It is “a moment of unprecedented momentum for the relationship between the United States and Mexico,” declared Secretary of State Antony Blinken following the recent U.S.-Mexico High-Level Economic Dialogue. Today Mexico is the United States’ largest trading partner.
“Our two countries have a shared vision for our economic future, one that’s defined by fair competition, openness, transparency, measuring prosperity not only by how much countries grow but by how many people share in that growth,” he said. “By creating the right incentives in business environments and harnessing our two nations’ respective strengths, we have a tremendous opportunity to make North America the most competitive, the most productive, the most dynamic region in the world.”
The United States and Mexico plan to continue to strengthen, expand, and diversify supply chains in industries like electric vehicles and semiconductors, said Secretary Blinken:
“We’re launching a joint semiconductor action plan to accelerate our integration, to scale our efforts to attract new investment. Under President Biden’s leadership, we’re building regional clean energy technologies and semiconductor supply chains through the Inflation Reduction Act and the bipartisan CHIPS and Science Act that will drive our economies through this century.”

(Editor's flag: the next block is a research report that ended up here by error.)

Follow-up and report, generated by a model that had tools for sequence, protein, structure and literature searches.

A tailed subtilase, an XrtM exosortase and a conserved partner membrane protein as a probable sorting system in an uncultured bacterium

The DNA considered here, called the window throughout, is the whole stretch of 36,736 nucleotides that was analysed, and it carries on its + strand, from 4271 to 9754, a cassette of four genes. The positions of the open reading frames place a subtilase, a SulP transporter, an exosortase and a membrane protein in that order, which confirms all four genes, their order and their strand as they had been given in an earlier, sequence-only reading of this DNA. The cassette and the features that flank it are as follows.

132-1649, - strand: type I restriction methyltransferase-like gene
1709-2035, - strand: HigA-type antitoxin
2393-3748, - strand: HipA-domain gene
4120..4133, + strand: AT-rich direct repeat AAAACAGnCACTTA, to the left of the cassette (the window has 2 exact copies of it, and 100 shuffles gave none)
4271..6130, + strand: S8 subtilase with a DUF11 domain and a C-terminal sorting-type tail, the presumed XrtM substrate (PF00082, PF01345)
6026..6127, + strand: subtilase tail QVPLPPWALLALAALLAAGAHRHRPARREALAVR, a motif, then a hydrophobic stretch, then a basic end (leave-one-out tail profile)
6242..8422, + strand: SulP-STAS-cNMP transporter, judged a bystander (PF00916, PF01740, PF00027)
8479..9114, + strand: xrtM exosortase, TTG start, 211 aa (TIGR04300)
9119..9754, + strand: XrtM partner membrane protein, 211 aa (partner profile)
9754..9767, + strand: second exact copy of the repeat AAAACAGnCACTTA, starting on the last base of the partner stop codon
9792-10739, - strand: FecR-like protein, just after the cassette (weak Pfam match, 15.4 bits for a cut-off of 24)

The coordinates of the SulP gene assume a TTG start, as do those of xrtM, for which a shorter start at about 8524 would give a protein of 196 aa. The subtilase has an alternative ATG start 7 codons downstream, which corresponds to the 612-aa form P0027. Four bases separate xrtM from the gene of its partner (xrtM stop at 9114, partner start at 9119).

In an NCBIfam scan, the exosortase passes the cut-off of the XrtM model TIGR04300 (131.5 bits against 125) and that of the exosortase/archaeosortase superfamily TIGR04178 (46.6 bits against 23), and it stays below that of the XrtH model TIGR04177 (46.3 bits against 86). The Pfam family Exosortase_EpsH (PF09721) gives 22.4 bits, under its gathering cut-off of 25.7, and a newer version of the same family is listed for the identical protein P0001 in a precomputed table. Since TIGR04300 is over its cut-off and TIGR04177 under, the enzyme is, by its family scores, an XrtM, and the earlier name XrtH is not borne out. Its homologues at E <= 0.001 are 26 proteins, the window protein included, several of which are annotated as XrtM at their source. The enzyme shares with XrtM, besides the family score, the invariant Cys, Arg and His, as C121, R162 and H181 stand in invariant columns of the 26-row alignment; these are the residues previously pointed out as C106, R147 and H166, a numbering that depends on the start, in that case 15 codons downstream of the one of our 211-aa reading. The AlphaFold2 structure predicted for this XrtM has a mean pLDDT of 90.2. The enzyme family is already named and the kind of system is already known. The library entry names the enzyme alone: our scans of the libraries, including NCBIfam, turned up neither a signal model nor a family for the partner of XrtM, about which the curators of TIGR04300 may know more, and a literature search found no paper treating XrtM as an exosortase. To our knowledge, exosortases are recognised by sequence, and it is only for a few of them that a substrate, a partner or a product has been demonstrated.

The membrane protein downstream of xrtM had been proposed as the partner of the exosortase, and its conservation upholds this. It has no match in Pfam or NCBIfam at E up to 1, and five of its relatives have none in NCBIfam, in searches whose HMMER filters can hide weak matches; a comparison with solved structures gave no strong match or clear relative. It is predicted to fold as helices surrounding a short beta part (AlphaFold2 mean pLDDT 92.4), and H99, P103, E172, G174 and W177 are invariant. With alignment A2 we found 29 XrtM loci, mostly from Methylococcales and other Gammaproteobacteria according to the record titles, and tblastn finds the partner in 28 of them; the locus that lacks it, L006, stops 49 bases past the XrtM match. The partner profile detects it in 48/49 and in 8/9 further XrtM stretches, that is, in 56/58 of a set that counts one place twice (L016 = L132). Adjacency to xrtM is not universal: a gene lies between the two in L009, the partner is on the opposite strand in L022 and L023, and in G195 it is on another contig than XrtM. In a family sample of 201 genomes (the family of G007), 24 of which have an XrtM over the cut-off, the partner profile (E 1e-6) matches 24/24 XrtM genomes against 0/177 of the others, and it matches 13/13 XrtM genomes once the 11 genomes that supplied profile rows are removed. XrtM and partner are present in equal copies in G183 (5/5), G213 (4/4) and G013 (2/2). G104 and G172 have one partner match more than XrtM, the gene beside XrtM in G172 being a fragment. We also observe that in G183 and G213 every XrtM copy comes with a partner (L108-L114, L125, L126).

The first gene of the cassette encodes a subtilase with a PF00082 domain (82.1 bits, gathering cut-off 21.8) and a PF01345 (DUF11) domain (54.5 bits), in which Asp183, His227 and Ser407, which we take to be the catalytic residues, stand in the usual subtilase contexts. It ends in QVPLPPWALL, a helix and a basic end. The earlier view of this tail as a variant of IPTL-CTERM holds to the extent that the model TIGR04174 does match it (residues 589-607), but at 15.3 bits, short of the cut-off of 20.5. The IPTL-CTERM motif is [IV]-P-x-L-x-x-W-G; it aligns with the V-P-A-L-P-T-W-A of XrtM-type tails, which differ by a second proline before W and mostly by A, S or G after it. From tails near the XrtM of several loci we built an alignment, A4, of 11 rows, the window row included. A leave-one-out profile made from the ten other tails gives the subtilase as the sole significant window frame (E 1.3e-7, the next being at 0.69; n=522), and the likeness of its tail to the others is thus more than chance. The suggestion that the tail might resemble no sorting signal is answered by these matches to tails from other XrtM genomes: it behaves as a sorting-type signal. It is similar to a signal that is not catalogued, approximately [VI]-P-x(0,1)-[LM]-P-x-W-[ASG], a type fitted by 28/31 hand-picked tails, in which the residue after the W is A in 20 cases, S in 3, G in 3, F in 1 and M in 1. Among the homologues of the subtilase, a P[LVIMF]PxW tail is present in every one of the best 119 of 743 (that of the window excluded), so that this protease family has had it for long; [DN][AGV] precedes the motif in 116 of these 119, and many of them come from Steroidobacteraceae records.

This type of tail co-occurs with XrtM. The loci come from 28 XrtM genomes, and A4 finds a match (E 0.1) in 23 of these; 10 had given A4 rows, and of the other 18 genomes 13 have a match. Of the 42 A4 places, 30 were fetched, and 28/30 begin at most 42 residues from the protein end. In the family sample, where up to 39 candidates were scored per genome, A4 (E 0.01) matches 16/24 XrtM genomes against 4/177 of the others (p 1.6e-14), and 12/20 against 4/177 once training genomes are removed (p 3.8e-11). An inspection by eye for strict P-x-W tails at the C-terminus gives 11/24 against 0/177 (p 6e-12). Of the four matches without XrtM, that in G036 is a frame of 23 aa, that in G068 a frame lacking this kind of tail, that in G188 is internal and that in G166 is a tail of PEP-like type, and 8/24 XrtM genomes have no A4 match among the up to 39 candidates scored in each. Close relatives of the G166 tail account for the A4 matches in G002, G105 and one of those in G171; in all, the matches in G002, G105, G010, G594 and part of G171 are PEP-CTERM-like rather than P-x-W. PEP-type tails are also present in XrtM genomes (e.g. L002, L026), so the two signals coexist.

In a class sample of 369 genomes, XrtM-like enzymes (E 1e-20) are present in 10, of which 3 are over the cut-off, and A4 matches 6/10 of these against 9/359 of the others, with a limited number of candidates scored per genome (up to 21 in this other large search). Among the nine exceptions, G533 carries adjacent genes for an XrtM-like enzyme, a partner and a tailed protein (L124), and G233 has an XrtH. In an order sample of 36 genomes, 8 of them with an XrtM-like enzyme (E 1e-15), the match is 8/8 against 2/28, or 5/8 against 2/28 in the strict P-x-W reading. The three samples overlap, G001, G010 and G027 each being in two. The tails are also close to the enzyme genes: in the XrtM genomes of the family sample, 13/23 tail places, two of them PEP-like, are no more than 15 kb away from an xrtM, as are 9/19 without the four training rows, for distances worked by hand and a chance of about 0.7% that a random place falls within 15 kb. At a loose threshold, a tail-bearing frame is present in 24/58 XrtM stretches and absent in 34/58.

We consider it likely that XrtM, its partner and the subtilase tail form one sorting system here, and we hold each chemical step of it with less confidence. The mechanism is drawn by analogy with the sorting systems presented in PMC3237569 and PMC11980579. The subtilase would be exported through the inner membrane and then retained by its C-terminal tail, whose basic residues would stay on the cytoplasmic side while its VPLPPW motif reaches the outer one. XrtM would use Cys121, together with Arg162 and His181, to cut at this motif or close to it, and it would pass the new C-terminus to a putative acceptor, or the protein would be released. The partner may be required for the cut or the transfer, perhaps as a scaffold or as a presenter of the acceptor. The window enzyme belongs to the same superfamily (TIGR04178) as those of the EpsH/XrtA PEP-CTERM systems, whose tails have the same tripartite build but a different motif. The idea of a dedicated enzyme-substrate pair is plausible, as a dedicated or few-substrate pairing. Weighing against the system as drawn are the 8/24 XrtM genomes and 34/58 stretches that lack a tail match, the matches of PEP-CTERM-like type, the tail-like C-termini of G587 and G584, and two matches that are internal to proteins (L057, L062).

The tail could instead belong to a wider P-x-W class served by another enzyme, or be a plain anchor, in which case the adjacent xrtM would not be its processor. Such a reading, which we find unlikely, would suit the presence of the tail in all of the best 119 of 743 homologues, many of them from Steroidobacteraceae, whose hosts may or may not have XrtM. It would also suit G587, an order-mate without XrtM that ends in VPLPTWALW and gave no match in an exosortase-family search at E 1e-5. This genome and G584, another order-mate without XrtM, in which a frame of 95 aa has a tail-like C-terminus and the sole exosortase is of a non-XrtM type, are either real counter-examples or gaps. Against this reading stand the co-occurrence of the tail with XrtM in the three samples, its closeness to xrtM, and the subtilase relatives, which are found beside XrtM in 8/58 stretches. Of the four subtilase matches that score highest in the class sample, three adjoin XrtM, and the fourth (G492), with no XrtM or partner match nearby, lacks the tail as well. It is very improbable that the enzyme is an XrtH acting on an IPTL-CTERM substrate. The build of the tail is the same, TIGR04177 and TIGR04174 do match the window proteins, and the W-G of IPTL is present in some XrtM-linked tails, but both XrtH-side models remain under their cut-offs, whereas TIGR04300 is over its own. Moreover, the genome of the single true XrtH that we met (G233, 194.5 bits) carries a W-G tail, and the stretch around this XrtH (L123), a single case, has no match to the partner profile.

The U.S. and Mexico are taking steps to improve border coordination, including ways to streamline inspections and reduce wait times, making it easier for people and goods to cross legally while barring fentanyl and other illegal narcotics.
“We’re also addressing the root causes of irregular migration by boosting economic opportunity,” said Secretary Blinken:
“In southern Mexico, in northern Central America, our development agencies – USAID and AMEXCID – are supporting 50,000 students, farmers, and others with jobs, with training, with access to markets and capital. When people can make a living ... they’re less likely to undertake the very dangerous and hazardous journey north.”
The U.S. and Mexico are collaborating to ensure that workers on both sides of the border are prepared to succeed in the industries of the future. This includes partnerships like the one between Arizona State University and the National Technological Institute of Mexico, offering Mexican students an eight-week English for the semiconductor industry course.
“By further deepening our economic integration,” said Secretary Blinken, “I am confident that we’ll continue to realize the extraordinary common potential” that a vibrant U.S.-Mexico partnership offers.